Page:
What I see in this story is that God cuts through all of that. The father doesn’t care about the stuff his younger son lost - or even the stuff his older son resented never really enjoying. The father wants - and restores - relationship. Love. God sees through the words we hurl at ourselves for not being enough. God holds the fear that paralyzes us from going forward. God steps in and says it’s not about what we do or don’t do that impacts God’s stance towards us - it is always love and God always deems us worthy. It is only through that grace that those wounds we carry are able to heal - the judgment silenced, the fear acknowledged, the sin forgiven.
The voices of fear and judgment run through our lives so strongly. But the truth of it is that we are worthy of God’s love just as we are, no matter what we’ve done - or not done. Fear can hold us back from embracing this because we believe we have to measure up to some impossible standard - and judgment keeps us there because we end up believing we’re somehow the problem when we can’t attain those unreachable goals. But the invitation here is that everyone is invited to the party. Everyone is good enough just as they are. There is no standard to reach - just a willingness to return home to that source of great love. It’s not about perfection - but about resting in a relationship that surrounds us in grace and mercy each and every day….and about God meeting us in that place.
So this week, think about going toward your fear, wherever that may be….letting go of that inner critic…trusting that God surrounds you in love no matter what happens. Find the space to rely on that grace that proclaims you worthy and good enough - and that draws you deeper into that source of God’s great love - because God rushes to meet us no matter where we are. Amen.
2022.03.20 - Good Enough Lent 3
Scripture Luke 13: 1-9
At that very time there were some present who told him about the Galileans whose blood Pilate had mingled with their sacrifices. He asked them, "Do you think that because these Galileans suffered in this way they were worse sinners than all other Galileans? No, I tell you; but unless you repent, you will all perish as they did.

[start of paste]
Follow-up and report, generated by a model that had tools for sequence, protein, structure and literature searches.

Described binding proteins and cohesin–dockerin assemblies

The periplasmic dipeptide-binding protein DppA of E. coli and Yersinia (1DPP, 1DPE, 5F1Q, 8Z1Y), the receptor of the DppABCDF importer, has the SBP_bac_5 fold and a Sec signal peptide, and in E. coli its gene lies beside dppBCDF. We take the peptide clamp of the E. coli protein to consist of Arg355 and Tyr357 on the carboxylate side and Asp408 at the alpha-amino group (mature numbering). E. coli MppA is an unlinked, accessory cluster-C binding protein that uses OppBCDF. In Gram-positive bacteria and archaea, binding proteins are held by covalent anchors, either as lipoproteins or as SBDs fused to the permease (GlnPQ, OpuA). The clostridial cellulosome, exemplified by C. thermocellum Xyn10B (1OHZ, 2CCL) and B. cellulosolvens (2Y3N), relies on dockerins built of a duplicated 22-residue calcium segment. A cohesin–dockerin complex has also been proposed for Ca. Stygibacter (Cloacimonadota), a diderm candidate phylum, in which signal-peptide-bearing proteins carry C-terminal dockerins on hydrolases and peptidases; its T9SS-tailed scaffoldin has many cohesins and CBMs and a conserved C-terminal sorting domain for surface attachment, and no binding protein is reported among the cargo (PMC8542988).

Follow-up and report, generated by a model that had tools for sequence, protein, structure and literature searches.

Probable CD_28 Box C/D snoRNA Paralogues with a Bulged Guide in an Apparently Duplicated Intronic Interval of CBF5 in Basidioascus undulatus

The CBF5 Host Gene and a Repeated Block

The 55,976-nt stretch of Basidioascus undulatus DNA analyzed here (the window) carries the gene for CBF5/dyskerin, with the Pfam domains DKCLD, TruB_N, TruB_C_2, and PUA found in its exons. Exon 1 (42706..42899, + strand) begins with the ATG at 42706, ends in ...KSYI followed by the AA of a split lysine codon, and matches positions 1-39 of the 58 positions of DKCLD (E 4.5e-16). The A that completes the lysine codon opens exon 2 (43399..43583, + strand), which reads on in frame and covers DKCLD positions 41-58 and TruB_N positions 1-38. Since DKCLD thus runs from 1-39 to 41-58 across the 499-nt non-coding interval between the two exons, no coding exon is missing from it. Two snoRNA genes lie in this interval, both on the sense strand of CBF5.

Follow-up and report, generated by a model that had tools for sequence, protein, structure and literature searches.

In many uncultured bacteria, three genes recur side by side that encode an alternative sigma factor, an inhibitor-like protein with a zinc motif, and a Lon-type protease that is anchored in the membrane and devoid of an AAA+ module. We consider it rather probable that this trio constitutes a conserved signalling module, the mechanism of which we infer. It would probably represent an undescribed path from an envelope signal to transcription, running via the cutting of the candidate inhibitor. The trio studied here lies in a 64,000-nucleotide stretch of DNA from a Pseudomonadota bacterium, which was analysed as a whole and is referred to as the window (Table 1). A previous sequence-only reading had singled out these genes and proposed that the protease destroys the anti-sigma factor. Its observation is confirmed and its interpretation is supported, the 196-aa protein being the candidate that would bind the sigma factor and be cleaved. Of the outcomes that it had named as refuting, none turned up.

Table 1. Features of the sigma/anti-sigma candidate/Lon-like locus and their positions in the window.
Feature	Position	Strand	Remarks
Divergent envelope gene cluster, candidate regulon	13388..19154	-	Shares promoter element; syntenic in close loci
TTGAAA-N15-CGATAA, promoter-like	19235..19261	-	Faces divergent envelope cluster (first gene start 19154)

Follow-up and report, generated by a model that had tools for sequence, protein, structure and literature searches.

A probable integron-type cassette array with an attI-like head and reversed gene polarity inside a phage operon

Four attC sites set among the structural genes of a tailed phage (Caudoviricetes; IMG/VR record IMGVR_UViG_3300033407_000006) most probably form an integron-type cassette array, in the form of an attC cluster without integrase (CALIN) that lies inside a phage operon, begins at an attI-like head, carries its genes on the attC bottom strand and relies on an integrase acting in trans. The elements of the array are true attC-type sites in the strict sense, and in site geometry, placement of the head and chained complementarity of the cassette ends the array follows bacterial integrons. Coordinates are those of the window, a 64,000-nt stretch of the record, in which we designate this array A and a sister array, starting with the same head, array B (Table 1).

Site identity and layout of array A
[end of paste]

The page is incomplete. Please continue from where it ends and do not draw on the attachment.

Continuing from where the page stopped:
Or those eighteen who were killed when the tower of Siloam fell on them—do you think that they were worse offenders than all the others living in Jerusalem? No, I tell you; but unless you repent, you will all perish just as they did."
Then he told this parable: "A man had a fig tree planted in his vineyard; and he came looking for fruit on it and found none. So he said to the gardener, 'See here! For three years I have come looking for fruit on this fig tree, and still I find none. Cut it down! Why should it be wasting the soil?'
He replied, 'Sir, let it alone for one more year, until I dig around it and put manure on it. If it bears fruit next year, well and good; but if not, you can cut it down.’"
Leader: A Word of God that is still speaking, People: Thanks be to God.
Thoughts about an Imperfect Life and Faith
Ok, I’ll be honest - this is kind of a bummer of a scripture passage. At first glance it seems like the only good news here is that the tree has one more year to produce anything remotely resembling good fruit before the owner looks to cut it down. I mean - Jesus here gets news that Pilate had killed a whole bunch of Jewish Galileeans while they were worshiping God and had their blood mixed with their sacrificial lambs. And not to mention the people crushed to their deaths when the Tower of Siloam fell on them.
These are horrible, tragic situations that the crowds bring to Jesus’s attention - presumably to get him “to do” something about it. Condemn Pilate or start an angry revolution. Blame Roman structures for killing innocent people.
Instead, Jesus invites repentance and tells a story about a fig tree where the owner demands the gardener remove it because it isn’t producing anything worthy and instead the gardener intercedes on its behalf and manages to convince the owner to give it one more year to bear fruit. It feels like a strange response for Jesus to give to a crowd primed and ready for action.
I wonder though if that was, in fact, the point.
The political scene in Judea was tense. The people longed for sovereignty and the glory days of King David. The religious elite were trying to accommodate the Roman Empire so that the Jewish people would survive - or you had figures like Herod, who enjoyed a fair amount of power provided he could pay his tribute - taxes - to the Empire.
Galilee throughout Jewish history had been a place of political unrest - sometimes violent unrest. In Jesus’ day it wasn’t unusual for militant groups in Palestine to wage guerilla-style warfare on the Roman army - and the people had strong expectations that the Messiah was going to be a great military leader who would unite the people and show the Romans the door with a great army behind him. Jesus would not have been the first person that people would have looked to in this way - in the documentary from Jesus to Christ, Prof. Allen Callahan references the Jewish historian Josephus, who tells a number of stories about people who, as Prof. Callahan tells it, “some guy wakes up in the morning and he thinks he's the Messiah or something. Or he's a prophet and he gets a group of people to follow him. He says we're going to go out in the desert and we're going to an empty place. We're going to go out there and we're going to wait for God to do something for us. So a whole bunch of people may go with him, maybe thousands, go with him out to this deserted, unsecured place, and they wait for what Josephus calls "the tokens of their deliverance." And the Romans send a vicious police action out there and kill everybody.”